Sunday, 25 July 2010

What do I know, I taught myself to cook? Posh folk and dinner party angst.

The 2010 harvest at The Nook

Connoisseurs of the broadsheet Sunday newspapers will have noticed that the standard definition of “middle class” used by assorted lifestyle writers is different from that in common usage. Indeed, it seems to me that the “middle class” lifestyle set out in the pages of glossy supplements is better defined as ‘rich but not quite rich enough to have a manor house and a flat in Kensington’. And this describes the rarefied and select world of the foodies described by such lifestyle writers. Here’s Lucy Cavendish (who isn’t remotely middle class one suspects from her Debrett entry):

The only way to keep up these days is to cook properly. You have to know your cuts of meat, the right oil to use (never fry using olive oil, for instance), the difference between mascarpone, fromage frais, ricotta. And how do we all know about this? Cooking courses. That's how.

Now leaving aside the ignorance of this paragraph – if they’re saying don’t fry with olive oil that rather rules out any Italian cooking – what on earth is this writer on about? Cooking courses? They’re things you buy a foodie for a fancy present not things you can afford to pop onto at a whim. Unless you’re Lucy of course:

I can't move for friends going on courses. They're either off to Hugh (Fearnley-Whittingstall) or Rick (Stein). They are at Sarah Raven or Darina Allen in Ireland, or up in Scotland smoking fish.

Not my friends. Nor do my friends have that foodie angst about what to serve, where the meat’s from, whether it’s organic or how the lettuce comes from the allotment. But angst sells the cooking courses:

Yet Jay Rayner believes our lust for cooking has a deeper psychological meaning. "It's all about us desperately trying to prove we have a hinterland," he says. "People think it's bored housewives going on cooking courses, but it's not. No one has time to be bored now. It's because cooking is self-contained. It has a beginning and a middle and an end, which is unlike all the areas in the rest of our lives such as rearing children, work, and so forth."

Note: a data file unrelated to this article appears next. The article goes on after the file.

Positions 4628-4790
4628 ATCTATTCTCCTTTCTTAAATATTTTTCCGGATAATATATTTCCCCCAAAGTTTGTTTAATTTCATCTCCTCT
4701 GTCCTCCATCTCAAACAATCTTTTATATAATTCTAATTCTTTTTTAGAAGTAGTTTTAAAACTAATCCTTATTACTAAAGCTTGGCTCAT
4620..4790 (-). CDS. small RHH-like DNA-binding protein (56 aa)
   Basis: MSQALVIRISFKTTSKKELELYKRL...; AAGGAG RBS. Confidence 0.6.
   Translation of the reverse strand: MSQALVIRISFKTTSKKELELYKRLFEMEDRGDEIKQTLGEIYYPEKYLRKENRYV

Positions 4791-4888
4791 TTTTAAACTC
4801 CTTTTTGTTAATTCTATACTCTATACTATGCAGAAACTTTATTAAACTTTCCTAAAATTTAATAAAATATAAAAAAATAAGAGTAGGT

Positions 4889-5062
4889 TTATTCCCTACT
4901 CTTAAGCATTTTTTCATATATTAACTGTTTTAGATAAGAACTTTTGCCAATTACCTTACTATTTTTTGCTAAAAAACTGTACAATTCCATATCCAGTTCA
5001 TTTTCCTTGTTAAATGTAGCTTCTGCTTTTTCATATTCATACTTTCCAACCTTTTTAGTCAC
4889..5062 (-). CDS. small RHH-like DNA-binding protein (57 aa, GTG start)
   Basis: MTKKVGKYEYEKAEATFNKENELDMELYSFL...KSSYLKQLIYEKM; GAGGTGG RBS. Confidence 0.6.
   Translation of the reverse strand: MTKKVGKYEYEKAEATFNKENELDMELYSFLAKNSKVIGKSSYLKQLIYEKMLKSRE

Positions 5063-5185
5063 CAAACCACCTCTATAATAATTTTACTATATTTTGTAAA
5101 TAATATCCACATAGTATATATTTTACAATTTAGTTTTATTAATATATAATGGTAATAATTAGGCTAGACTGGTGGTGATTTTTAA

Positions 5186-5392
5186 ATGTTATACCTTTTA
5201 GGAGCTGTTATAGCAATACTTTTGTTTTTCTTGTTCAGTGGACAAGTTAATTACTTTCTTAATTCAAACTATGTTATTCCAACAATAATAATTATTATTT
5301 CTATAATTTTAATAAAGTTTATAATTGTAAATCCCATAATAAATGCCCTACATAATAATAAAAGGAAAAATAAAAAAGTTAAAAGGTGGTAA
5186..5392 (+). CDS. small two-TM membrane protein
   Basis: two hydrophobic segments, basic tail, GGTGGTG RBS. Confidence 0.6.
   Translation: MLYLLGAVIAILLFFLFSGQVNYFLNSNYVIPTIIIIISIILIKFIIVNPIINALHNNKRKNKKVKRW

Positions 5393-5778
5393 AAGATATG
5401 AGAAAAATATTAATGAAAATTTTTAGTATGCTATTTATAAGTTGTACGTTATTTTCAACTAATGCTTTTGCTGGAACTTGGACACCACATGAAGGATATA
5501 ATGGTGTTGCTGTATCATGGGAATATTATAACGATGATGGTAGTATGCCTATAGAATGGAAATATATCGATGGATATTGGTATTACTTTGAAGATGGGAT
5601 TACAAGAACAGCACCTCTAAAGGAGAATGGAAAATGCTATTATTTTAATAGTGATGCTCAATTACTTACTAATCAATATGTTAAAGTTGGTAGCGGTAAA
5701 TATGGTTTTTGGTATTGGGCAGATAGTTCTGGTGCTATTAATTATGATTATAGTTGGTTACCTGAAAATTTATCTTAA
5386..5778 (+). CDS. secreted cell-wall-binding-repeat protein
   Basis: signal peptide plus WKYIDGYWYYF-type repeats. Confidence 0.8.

No Jay. People go on cooking courses because they’ve the time and money to do so. And because they want to learn how to cook well. Existential angst is what you’re selling – scaring people whose Friday night dinner party involves escaping from work at 4.43, driving like an idiot to Morrison’s grabbing a selection of goodies and some booze, going home and turning it all into something good to eat for the guests.

I’ve never yet experienced any of the ‘one-upmanship’ that seems to bother Lucy – the suppers, dinners and teas I go to at friends are just a nice meal with good company. Which is the point of a dinner party. However, Lucy can’t resist finishing with a snobby quote from Escoffier and an aside from Jay Rayner that:

Rayner doesn't think there's anything wrong with our quest to learn more skills, however - as long as we realise that that doesn't necessarily make us good cooks.

There, there you troubled posh darlings. It’s OK, you learn how to bake. And self-important food writers like Jay (can he actually cook?) will take the piss out of you. In the Guardian!

The real middle classes – people like me – will carry on untroubled by not having anywhere to put a wood-burning stove (let alone any desire to own one) or by the need to go and learn complicated and fiddly, over-flavoured dishes just to impress. Cooking is pretty easy – good ingredients, simple processes, the right timing. Bingo – great food.

But then what do I know? I taught myself.

1 comment:

Pam Nash said...

The most fun I've had cooking has been experimenting with different ingredients and cooking times. I well remember devising a cake and then having to make it 5/6 times to get the cooking time spot on.........

Courses? I think folk go on them less to learn than to be able to drop into conversations that they've been on one. ;)